flamygrant / YouTube

As awards season approaches, the Grammys have moved to push drag queen Flamy Grant’s album Bible Belt Baby from the Contemporary Christian category to the Best Pop Vocal Album category. The Recording Academy, which oversees submissions to the Grammys and determines their eligibility for certain categories, released a statement saying the move was due to the explicit lyrics in the album. “Re-categorizing recordings with explicit language/content has been a standard practice for the Gospel & CCM genre committee, given that the Gospel & CCM Field consists of lyrics-based categories that reflect a Christian worldview,” wrote the Recording Academy. The album’s song, “Esther, Ruth, and Rahab,” includes an explicit word for male genitalia and numerous other obscenities, including the f— and a–. 

Grant, whose real name is Matthew Blake, took to Facebook to lament the change. “I know next-to-nothing about the Grammy nomination process, so when we saw you couldn’t vote for it in best contemporary Christian [music] album, I just assumed that was the end of the road,” he wrote. He then stated that he received a call from an Academy member who was “excited to vote for me in best pop vocal album.” “Pop music is included in the contemporary Christian category. The only logical conclusion I can come to is that someone in the Academy decided my album qualifies as pop, but not as Christian,” he wrote. Rolling Stone’s Ethan Millman stated the change was a disadvantage to Blake because he would “now be measured against the likes of the world’s biggest superstars as opposed to a smaller niche of peers from the Christian music community.”

Blake also compared himself to the prophets Hosea, Ezekiel, and Isaiah, saying he identified “with the obscene ones,” noting how Isaiah “spent three years naked to grab the attention of an unjust society.” The story of Isaiah preaching naked is found in Isaiah 20:1-4 and there is some debate as to whether the “naked” used in the passage refers to complete nudity or Isaiah wandering in a loin cloth of some type. According to the passage, God instructed Isaiah to do so to demonstrate how God would allow the Assyrians to overtake the Egyptians and Ethiopians. Blake stated that “queer Christians” were “among the most faithful because of the cruelty we must navigate.” “If a queer person still identifies as a believer in 2023, that’s a faith no straight person can begin to understand,” he wrote.

He also defended his explicit lyrics in “Esther, Ruth, and Rahab,” call it “the most biblical song I’ve ever written.” “I intentionally chose words like c— and f— when writing ‘Esther, Ruth, and Rahab’ because it is an indictment of Christian culture that elevates men while diminishing women and queer folks (not to mention people of color, folks with disabilities, and other marginalized groups),” he wrote. “My faith journey has been long and difficult, but I’m still here, still taking up space in Christianity, still advocating for the inclusion of queer kids like me who grow up in these churches that ignore and oppress them.” He then faulted the Grammys for “religious gatekeeping.” “I’m very used to gatekeepers in the worlds of church and Christian music — that’s a big part of why I’ve dedicated myself to this work. But I never expected to encounter religious gatekeeping at the Grammys.”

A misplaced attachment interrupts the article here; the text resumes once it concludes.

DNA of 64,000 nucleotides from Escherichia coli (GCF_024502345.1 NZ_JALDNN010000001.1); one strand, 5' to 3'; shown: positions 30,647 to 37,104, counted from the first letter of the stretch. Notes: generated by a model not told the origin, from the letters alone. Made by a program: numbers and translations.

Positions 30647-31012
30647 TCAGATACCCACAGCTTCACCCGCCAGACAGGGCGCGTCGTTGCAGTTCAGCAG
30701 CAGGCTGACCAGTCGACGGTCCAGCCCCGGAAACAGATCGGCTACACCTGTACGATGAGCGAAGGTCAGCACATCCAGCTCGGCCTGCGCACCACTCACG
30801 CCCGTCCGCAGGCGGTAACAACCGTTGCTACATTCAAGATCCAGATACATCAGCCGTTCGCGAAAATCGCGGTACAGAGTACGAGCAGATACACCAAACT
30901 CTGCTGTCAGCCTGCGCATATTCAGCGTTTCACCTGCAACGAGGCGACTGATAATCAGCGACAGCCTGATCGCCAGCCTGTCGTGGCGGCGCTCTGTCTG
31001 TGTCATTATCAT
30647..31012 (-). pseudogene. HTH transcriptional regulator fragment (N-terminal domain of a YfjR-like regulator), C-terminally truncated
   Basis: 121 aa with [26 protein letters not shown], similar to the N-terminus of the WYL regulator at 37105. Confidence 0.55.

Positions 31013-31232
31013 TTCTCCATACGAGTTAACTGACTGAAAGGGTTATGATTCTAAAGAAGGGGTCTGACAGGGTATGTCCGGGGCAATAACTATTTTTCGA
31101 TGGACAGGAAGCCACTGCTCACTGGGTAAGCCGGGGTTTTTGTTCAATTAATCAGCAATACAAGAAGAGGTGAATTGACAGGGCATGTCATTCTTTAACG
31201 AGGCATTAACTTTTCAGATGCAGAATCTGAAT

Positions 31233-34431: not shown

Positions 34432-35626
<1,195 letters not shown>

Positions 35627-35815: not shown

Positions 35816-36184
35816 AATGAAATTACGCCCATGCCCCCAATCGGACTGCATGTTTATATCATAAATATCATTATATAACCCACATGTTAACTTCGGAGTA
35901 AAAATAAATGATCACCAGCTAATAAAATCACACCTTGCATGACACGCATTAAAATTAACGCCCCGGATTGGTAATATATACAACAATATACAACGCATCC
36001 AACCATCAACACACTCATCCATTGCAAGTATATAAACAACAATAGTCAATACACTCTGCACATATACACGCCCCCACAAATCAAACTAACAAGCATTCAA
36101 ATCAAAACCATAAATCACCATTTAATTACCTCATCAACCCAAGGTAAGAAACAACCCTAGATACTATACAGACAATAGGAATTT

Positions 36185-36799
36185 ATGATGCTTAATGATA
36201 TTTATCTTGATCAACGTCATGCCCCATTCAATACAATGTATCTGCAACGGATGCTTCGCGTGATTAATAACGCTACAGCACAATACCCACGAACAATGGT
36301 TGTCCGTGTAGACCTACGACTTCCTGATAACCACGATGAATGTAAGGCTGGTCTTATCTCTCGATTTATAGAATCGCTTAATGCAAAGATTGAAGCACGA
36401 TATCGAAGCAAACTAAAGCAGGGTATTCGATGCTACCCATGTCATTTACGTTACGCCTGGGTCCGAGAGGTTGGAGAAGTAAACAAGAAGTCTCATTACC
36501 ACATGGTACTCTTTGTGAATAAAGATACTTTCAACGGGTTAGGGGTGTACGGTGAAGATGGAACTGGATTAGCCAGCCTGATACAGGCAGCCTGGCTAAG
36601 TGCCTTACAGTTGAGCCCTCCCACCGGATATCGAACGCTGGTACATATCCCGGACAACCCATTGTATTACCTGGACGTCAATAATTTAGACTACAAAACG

Blake has faced some criticism from the Christian music industry, with Skillet’s John Cooper recently criticizing his attendance at the Dove Awards. “Obviously, they’re just trying to get attention, they’re trying to disrupt, and they’re going about it in a clever way,” he said of Blake’s attendance with queer artist Semler and former Caedmon’s Call frontman Derek Webb. Cooper was also critical of the “silence” of Christian outlets against Blake. In a recent podcast episode on his “Cooper Stuff” podcast, he wrote, “Where is the solidarity from the industry, or from the Christian platforms? They are nowhere to be heard. The truth will set us free, but much of American Christianity believes that the truth is impolite. I’m sick of the wimpy, weak, and wokeness in our churches!” 

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